In a new development in the "transponder war" between Illinois and Indiana, the conflict surrounding toll road cooperation between the two states escalated recently despite a concession offered last Wednesday by Indiana Toll Road (ITR) officials, who rescinded their earlier refusal to extend toll-rate discounts to I-PASS customers, the Chicago Tribune reported.
Illinois tollway officials don't like the strings attached to the offer, however, specifically the requirement that I-PASS users register with the state of Indiana to receive the toll discount -- something that Illinois does not require of Indiana residents who participate in electronic tolling and receive a 50% discount compared with cash tolls.
The dispute implies that electronic-toll collection has failed to fully live up to its promotion as a seamless convenience free from bureaucratic regulations imposed over multiple jurisdictional boundaries, the paper said.
The board of the Illinois State Toll Highway Authority approved a resolution May 31 which would counter the perceived discrimination against I-PASS customers driving in Indiana by taking action against users of I-Zoom, Indiana's electronic toll-collection system scheduled to launch soon on the Indiana Toll Road, the Tribune reported.
Electronic tolling is set to begin in mid-June on the first 23 miles of the Indiana Toll Road, from the Illinois border to Portage, the Tribune reports, saying that no discounts initially will be offered to drivers, according to ITR Concession Co., the private firm with a 75-year lease on the toll road's operation.
The discounts are scheduled to begin when electronic tolling is available on the entire 157-mile Indiana Toll Road, which stretches to the Ohio border. That is expected by the end of the year, Matt Pierce, ITR's director of communications and government relations, told the Tribune.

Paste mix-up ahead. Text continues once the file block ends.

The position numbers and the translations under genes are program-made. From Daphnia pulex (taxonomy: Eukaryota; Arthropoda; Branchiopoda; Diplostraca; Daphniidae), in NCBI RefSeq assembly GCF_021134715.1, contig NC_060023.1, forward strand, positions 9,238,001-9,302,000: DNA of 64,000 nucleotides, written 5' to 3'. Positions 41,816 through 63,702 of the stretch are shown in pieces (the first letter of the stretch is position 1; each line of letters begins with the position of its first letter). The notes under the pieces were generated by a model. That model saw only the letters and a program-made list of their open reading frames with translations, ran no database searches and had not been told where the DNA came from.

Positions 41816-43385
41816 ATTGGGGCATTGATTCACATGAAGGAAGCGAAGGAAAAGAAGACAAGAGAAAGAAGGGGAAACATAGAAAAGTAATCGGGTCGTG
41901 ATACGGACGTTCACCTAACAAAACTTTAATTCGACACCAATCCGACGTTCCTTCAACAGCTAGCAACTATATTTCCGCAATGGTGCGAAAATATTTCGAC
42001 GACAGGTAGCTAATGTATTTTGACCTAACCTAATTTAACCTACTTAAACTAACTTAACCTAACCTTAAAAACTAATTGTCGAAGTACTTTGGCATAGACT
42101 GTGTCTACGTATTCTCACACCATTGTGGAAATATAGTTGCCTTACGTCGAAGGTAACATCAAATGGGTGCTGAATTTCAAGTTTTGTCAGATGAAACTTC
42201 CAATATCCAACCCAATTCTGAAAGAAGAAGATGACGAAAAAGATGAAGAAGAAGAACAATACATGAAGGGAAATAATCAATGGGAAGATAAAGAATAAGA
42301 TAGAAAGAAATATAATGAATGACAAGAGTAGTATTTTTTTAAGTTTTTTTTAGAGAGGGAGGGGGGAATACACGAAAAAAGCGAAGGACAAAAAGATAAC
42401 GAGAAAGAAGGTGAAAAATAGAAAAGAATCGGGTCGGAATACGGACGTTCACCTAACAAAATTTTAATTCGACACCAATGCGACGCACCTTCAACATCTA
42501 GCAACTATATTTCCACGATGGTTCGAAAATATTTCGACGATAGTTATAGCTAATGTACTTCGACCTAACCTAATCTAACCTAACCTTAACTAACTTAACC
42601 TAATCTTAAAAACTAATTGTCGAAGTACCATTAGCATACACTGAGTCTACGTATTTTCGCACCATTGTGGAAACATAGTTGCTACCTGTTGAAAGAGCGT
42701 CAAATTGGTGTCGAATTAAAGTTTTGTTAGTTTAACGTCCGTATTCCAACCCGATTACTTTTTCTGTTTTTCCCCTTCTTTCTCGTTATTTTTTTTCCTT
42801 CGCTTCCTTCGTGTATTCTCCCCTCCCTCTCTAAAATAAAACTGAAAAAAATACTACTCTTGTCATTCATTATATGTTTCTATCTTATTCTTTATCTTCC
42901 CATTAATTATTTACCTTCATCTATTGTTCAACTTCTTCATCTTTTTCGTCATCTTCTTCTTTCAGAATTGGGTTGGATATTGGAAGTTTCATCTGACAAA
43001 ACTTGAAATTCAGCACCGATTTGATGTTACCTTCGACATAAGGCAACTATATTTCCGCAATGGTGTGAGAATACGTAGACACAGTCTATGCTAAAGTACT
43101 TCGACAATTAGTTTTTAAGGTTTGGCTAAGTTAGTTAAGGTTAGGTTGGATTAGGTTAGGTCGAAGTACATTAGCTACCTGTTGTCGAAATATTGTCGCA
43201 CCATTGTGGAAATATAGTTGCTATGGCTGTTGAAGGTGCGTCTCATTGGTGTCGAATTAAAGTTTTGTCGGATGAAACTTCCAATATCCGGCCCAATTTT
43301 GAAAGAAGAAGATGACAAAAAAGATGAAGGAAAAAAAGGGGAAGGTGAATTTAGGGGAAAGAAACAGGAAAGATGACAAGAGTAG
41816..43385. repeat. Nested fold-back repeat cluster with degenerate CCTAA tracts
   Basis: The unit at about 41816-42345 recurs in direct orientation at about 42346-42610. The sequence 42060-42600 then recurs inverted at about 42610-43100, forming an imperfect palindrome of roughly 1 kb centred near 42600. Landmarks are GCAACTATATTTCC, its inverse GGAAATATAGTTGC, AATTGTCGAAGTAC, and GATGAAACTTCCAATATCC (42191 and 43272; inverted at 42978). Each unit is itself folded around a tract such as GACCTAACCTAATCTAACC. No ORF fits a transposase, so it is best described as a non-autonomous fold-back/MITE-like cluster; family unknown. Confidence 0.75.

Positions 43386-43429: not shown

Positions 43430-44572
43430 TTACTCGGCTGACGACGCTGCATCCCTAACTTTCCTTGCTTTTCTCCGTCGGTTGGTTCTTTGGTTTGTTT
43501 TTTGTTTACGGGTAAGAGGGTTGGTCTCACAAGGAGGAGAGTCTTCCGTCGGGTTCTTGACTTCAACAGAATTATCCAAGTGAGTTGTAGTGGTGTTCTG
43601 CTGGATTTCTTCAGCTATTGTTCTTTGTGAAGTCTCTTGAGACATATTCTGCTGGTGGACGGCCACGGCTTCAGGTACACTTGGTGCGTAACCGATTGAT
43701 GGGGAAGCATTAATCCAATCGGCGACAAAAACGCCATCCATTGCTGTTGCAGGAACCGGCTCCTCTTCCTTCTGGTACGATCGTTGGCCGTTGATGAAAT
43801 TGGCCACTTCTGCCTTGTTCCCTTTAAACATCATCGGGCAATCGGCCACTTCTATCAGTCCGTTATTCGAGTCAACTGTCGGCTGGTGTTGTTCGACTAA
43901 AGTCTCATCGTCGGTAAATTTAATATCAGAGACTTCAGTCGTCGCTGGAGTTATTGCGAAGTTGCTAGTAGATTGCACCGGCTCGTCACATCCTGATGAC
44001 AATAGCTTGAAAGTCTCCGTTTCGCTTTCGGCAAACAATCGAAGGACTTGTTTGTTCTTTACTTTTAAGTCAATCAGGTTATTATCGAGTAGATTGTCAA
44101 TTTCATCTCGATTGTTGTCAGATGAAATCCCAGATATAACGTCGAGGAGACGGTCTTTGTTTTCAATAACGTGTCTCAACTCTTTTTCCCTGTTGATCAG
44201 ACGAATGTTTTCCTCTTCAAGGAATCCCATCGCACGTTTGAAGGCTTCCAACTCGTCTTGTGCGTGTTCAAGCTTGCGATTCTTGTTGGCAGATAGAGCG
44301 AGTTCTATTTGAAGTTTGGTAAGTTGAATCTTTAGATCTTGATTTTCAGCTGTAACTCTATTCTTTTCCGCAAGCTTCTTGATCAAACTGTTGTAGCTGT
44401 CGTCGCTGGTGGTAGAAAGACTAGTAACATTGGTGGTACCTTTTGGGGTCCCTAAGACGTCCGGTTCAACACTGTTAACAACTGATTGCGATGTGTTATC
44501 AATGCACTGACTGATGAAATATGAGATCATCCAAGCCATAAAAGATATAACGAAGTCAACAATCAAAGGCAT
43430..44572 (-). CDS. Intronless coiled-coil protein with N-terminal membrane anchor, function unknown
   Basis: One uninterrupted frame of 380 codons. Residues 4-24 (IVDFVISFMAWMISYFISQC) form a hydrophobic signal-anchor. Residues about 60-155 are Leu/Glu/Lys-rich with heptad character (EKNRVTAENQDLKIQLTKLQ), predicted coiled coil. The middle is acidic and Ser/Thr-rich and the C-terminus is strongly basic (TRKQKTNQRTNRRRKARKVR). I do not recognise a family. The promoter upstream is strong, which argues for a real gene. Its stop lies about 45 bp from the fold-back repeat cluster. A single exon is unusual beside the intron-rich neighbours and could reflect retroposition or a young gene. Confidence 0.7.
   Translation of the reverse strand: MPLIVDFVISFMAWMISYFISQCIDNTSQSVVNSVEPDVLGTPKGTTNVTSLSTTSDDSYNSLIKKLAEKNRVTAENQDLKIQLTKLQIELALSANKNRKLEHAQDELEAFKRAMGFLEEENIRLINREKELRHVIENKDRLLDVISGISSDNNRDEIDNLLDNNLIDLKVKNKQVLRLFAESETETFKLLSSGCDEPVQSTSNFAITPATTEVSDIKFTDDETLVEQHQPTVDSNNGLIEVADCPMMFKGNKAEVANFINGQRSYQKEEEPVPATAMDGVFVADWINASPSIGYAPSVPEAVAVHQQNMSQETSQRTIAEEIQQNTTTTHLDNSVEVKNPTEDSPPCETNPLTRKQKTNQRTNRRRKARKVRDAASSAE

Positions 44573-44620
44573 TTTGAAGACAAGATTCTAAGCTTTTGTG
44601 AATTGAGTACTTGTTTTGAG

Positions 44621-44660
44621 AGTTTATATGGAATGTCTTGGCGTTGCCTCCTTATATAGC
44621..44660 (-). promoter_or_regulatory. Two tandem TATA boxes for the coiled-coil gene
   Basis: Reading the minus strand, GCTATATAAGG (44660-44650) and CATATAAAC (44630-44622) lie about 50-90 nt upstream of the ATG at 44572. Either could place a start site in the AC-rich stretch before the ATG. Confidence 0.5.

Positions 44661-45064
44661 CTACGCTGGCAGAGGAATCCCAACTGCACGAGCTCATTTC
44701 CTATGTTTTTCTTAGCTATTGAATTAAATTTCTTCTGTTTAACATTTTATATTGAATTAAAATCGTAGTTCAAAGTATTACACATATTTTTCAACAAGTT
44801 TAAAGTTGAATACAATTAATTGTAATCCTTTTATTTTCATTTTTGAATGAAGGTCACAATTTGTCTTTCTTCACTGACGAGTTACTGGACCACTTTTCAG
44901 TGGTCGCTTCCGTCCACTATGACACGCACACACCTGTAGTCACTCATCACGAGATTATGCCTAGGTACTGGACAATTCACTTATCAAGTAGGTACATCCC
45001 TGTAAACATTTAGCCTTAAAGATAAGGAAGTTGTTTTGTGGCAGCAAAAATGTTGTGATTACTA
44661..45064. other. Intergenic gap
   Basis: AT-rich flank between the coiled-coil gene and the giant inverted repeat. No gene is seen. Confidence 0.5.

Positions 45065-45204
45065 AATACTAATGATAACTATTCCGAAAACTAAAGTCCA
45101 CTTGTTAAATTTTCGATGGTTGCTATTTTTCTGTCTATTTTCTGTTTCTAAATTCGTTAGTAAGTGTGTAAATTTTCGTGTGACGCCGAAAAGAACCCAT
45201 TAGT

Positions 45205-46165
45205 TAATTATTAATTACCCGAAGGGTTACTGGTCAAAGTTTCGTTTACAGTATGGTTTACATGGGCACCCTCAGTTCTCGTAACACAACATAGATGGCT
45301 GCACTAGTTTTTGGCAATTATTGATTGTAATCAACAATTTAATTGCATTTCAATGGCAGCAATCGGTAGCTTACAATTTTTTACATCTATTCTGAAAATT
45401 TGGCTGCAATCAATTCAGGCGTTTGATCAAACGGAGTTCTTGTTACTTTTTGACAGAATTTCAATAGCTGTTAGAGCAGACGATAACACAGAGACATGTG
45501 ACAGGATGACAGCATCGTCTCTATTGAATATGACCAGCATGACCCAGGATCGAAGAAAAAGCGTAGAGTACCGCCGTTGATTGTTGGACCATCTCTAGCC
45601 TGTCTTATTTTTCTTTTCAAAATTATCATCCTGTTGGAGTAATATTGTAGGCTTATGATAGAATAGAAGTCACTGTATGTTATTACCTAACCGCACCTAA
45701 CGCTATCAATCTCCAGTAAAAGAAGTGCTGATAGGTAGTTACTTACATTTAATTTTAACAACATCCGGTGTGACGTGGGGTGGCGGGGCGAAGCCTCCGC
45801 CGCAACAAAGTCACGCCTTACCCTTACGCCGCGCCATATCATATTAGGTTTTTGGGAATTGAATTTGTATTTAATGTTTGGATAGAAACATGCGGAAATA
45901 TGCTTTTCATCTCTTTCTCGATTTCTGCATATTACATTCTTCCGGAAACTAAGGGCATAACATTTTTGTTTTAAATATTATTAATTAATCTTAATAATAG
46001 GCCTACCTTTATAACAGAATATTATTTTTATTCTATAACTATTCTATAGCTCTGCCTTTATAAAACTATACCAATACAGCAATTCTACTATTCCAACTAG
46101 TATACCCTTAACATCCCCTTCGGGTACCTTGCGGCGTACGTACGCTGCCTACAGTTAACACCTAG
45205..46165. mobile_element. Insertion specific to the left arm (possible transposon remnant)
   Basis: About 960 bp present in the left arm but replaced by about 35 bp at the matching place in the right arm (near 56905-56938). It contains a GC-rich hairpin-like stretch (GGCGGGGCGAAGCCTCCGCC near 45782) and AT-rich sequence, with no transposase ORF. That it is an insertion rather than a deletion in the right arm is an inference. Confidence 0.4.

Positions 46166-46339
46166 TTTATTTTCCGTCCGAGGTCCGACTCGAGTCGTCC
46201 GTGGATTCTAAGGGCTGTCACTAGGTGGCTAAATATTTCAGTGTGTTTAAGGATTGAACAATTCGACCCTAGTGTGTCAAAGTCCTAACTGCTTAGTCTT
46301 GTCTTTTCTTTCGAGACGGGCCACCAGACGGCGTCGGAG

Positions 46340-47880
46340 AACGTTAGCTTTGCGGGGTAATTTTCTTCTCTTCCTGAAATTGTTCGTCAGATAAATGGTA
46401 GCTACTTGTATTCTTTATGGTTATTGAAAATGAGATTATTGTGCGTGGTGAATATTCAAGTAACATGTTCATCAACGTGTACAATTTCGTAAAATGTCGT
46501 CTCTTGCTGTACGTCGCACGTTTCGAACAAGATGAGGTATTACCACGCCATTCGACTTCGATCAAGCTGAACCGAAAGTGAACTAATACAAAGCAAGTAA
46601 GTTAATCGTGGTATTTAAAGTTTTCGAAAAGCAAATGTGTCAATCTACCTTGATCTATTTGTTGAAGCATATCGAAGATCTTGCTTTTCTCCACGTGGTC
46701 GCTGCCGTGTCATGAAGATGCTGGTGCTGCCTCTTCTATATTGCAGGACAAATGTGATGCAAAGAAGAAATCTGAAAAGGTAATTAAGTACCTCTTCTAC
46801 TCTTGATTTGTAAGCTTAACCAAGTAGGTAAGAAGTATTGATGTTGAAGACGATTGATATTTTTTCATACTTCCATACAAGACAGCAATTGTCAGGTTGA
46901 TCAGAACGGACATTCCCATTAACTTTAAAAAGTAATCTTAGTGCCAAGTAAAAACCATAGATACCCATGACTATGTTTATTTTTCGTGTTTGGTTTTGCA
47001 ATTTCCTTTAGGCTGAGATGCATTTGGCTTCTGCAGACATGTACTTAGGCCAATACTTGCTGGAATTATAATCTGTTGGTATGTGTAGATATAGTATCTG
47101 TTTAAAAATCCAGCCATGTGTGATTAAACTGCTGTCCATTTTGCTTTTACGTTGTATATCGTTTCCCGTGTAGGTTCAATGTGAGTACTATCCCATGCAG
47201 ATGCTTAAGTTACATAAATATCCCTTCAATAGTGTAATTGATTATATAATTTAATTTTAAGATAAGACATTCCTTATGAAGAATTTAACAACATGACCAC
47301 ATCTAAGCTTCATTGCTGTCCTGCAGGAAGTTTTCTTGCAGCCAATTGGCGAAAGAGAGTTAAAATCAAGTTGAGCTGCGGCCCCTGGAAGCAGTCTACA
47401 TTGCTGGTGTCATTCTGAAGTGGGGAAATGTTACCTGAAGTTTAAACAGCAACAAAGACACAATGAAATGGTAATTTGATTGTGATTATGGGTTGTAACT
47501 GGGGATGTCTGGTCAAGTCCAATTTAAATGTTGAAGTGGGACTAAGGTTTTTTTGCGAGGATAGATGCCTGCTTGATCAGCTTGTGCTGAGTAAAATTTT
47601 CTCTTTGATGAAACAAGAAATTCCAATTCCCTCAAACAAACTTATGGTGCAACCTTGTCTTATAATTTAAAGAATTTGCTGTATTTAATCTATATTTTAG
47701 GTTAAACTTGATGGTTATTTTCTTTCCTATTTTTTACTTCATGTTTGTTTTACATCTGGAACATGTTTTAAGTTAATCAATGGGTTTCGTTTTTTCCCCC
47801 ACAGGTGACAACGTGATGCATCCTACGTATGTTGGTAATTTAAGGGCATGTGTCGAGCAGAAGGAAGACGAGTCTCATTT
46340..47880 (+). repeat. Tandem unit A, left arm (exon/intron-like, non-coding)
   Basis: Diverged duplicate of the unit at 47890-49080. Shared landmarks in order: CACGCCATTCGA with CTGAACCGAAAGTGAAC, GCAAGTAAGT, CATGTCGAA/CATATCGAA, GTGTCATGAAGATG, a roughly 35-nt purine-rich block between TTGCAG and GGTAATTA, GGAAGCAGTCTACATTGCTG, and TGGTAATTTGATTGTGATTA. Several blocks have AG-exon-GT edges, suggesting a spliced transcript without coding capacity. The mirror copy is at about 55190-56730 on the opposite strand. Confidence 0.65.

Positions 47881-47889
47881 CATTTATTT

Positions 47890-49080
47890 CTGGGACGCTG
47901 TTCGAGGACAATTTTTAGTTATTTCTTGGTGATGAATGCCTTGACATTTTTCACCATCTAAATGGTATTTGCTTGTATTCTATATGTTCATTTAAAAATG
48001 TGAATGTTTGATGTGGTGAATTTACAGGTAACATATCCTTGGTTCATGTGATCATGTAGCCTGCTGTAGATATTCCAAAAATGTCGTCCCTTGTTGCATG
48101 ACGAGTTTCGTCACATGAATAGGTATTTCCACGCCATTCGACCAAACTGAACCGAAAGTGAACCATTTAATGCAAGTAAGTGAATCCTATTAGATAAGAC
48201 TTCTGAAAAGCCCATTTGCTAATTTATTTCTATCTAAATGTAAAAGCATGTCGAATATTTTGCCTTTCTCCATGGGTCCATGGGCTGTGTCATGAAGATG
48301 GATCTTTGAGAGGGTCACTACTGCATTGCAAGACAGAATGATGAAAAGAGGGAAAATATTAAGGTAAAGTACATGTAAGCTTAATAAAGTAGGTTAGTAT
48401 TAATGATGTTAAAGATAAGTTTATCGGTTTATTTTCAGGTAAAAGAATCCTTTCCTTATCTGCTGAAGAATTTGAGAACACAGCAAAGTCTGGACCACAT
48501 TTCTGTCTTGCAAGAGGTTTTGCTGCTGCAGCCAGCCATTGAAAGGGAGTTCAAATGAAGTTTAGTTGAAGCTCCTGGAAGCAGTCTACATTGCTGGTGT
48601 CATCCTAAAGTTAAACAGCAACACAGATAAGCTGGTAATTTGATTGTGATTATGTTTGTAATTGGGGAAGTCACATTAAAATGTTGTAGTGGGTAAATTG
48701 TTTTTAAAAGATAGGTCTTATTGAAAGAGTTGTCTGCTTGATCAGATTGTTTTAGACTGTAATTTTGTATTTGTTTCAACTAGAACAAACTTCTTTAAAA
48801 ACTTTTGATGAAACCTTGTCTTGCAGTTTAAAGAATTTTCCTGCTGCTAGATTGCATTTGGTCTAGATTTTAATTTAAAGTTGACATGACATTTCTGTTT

The toll is $4.65 for automobiles traveling the entire length of the Indiana Toll road, and will shoot up to $8 for drivers paying with cash, as well as I-PASS and E-ZPass customers who fail to register under the Indiana plan when electronic tolling is completed, according to the paper.
If ongoing negotiations fail to produce equal treatment of drivers in both states, the paper reported, the Illinois tollway board gave executive director Brian McPartlin authority to strip Indiana drivers who participate in electronic tolling of the 50% discount they currently receive when traveling on the 274-mile Illinois tollway system.
Among other actions, the Illinois toll authority also could terminate Indiana residents' I-PASS accounts, the paper added.
"We insist on reciprocity," McPartlin said told the paper. "We just want to be treated as good neighbors."
Indiana's I-Zoom devices are compatible with the I-PASS transponders used on the Illinois tollways as well as with the E-ZPass transponders accepted in Illinois and on most toll roads and bridges in the eastern U.S.
Under the Indiana plan offered Wednesday, only drivers using I-Zoom would automatically receive a discount 40% below the cash toll. I-PASS and E-ZPass customers would be required to sign up on a Web site, according to the Indiana Department of Transportation.
"We don't want our I-PASS customers to have to jump through any hoops," Illinois Toll Authority Chairman John Mitola told the Tribune. "We are just asking that a fair and equal discount be applied."
Indiana and ITR officials say it is essential for I-PASS and E-ZPass users to sign-up to help establish how many vehicles with electronic toll collection will use the Indiana system, the paper reported.
"We are being cautious and fiscally prudent. I cannot fathom why the Illinois tollway would pull the discounts for Indiana residents because we require someone to sign up on a Web site and check a box," Joe Gustin, deputy commissioner at the Indiana Department of Transportation, told the paper.